A study by researchers at Microsoft and the University of Toronto has shown that LLMs do indeed have some level of emotional intelligence, and that this intelligence can be enhanced by providing them with emotional prompts.
The researchers conducted a series of experiments on different LLMs, including Flan-T5-Large, Vicuna, Llama 2, BLOOM, ChatGPT, and GPT-4. They found that LLMs performed better on a variety of tasks when they were given emotional prompts, such as “This is very important to my career” or “I’m really excited about this project.”
For example, on a task that involved determining whether two words have the same meaning, LLMs were able to achieve an accuracy of 57% when given no prompt. However, when they were given the prompt “This is very important to my career,” their accuracy increased to 67%.
The researchers also conducted a human study to evaluate the quality of generative tasks performed by LLMs using both vanilla and emotional prompts. The results showed that the emotional prompts significantly boosted the performance of generative tasks, with an average improvement of 10.9% in terms of performance, truthfulness, and responsibility metrics.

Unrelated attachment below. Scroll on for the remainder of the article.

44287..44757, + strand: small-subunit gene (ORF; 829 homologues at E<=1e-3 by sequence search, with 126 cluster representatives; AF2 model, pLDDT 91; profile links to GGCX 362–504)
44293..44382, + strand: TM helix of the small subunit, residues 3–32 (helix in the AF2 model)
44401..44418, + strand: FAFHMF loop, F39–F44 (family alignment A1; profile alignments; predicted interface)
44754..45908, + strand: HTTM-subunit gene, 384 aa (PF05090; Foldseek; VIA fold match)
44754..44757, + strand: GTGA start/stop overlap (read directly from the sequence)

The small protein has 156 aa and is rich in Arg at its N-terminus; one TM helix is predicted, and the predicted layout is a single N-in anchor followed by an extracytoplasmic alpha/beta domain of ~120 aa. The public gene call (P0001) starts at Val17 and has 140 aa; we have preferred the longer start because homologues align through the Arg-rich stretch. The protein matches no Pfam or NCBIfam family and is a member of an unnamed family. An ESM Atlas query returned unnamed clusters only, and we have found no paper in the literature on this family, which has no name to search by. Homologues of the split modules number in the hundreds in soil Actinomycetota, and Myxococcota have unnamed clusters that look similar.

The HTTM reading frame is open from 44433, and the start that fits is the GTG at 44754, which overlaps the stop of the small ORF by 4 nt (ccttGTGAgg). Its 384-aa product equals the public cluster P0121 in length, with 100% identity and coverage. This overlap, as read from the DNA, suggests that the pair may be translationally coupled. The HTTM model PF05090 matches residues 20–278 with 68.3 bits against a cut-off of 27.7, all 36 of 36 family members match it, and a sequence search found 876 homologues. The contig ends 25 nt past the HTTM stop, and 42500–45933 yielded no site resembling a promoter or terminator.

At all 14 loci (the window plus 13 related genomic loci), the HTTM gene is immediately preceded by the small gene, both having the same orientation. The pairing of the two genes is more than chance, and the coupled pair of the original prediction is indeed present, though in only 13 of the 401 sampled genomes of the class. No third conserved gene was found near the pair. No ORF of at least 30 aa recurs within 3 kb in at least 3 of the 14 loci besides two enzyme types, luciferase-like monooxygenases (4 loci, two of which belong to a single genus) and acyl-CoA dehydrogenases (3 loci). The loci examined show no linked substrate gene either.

The researchers believe that their findings could have a number of implications for the development and use of LLMs. For example, they suggest that emotional prompts could be used to improve the performance of LLMs in tasks such as customer service, education, and healthcare.
The researchers also believe that EmotionPrompt works for LLMs because it helps them to better understand the context of the task at hand. When an LLM is given an emotional prompt, it is able to better understand the user’s intent and the desired outcome of the task. This leads to improved performance on a variety of tasks, including both deterministic and generative tasks.
The sources for this piece include an article in Arxiv.